Recent advances in seismology and geodesy have led to many new findings of unconventional slow earthquakes such as slow-slip event (SSE) and non-volcanic tremor (NVT). SSE, mainly discovered through geodetic measurements, has much slower slip rate (centimeters to meters per year) and slow propagation speed (kilometers per day) compared to regular earthquakes, and does not emit detectable seismic signals. NVT is known for its seismic yet weak, non-impulsive nature. SSE and tremor are mostly found at young subduction zones around the world1, and typically locate adjacent to seismogenic zones capable of generating devastating megathrust earthquakes. Despite slow or weak signature, SSE and NVT are shown to play an important role in earthquake dynamics and hazard estimation due to its potential link to megathrust earthquakes2,3. SSE and NVT activities are sensitive to stress perturbations due to their low stress drop nature4,5,6,7. Stress perturbations from earthquakes or other sources can impact SSE occurrence3,8,9. The broad-scale nucleation processes of megathrust earthquakes10 has been suggested to affect nearby SSE and tremor patterns, making them potential candidates for precursory monitoring of future large earthquakes3.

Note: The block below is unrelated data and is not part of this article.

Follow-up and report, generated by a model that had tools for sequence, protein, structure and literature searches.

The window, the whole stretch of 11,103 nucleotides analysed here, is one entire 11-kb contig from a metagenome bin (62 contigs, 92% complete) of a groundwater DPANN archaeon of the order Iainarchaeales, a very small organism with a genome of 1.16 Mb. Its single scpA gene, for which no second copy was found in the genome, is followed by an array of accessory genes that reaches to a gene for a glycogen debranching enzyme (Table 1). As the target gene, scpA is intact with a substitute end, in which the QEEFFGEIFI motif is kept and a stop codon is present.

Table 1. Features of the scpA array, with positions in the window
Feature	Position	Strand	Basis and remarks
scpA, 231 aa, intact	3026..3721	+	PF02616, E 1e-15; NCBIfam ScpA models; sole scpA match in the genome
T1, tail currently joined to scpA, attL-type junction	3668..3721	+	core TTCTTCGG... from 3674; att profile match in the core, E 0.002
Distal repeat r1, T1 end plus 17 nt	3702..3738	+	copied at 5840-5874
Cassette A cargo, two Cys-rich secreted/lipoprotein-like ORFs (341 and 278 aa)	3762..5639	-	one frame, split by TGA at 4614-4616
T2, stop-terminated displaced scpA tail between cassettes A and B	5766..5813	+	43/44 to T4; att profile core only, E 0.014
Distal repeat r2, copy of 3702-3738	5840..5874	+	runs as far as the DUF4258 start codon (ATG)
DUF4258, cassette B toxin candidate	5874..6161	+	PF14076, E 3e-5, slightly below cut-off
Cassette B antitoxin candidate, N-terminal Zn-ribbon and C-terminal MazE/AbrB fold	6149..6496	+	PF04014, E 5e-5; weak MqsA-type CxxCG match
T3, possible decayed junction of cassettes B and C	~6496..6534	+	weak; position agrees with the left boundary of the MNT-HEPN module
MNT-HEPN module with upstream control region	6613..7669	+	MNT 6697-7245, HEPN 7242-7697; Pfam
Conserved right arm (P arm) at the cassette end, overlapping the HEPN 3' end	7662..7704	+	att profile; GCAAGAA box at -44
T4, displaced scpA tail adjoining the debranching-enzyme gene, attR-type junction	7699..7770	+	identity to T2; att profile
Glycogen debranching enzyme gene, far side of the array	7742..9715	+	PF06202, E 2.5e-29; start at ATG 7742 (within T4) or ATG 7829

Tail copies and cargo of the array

Cascadia subduction zone (CSZ) is one of the closely monitored subduction zone faults due to its potential for magnitude 9 megathrust earthquake and catastrophic tsunami hazard that can affect populated urban centers along its thousand-kilometer-long margin (e.g., M9 project, Tremor and SSE in CSZ are often spatially and temporally correlated and referred to as episodic tremor and slow-slip (ETS)11,12,13,14. ETS events in CSZ mostly occur in the seismic-aseismic transition zone (thereafter referred to as ETS zone) between the shallow seismogenic and deep creeping regions over a depth range of ~25–55 km. ETS in CSZ displays clear along-strike variation with northern, middle, and southern segments15 (Fig. 1). In general, a hierarchical spectrum of ETS activities with various sizes and depth has been observed (Figs. 1 and 2). These ETS phenomena can be categorized into several essential types: (1) “Major ETS.” This refers to large ETS events that tend to occur semi-regularly and can propagate through one or multiple segments up to several hundred kilometers (Figs. 1 and 2). Major ETS events usually propagate at a relatively steady speed of several kilometers per day bilaterally along strike with one dominant branch. Occasionally, they propagate unilaterally or collide toward each other (Supplementary Figs. 1 and 2). Major ETS typically nucleate at mid-deep portion of ETS zone (>38 km depth) then gradually expand up-dip and fill in the entire ETS zone. These events have a recurrence interval of approximately 13 months and 2 years in the northern and middle segments, and a less regular interval averaging ~7 months in the southern segment. (2) “Deep ETS” (indicated by blue inverted triangles in Fig. 1, see also Fig. 2). This refers to smaller episodes of ETS, propagating along strike with similar speed as major ETS but over a shorter distance of only a few tens of kilometers. Unlike the major ETS, deep ETS events are usually confined to the mid-deep part of ETS zone. (3) “Deep arrested ETS” (Fig. 2). From time to time ETS event also nucleates in the deep ETS zone (approximately below 46 km) but localizes in a small region of about 10–30 km in size and fails to develop into a propagating ETS event. Such ETS event is analogous to the arrested earthquakes with regard to regular earthquakes16. (4) “Individual tremor” (Fig. 2 and Supplementary Figs. 1 and  2). This refers to the isolated tremor occurring individually without developing into any kind of previously defined ETS types, which is also commonly referred to as low-frequency earthquakes (LFE17). Individual tremor is very common in the southern segment, sometimes seen in the northern segment but rarely observed in the middle segment. Here the depth boundaries of ~38 and ~46 km are used as the first-order approximation to characterize the ETS types at depth.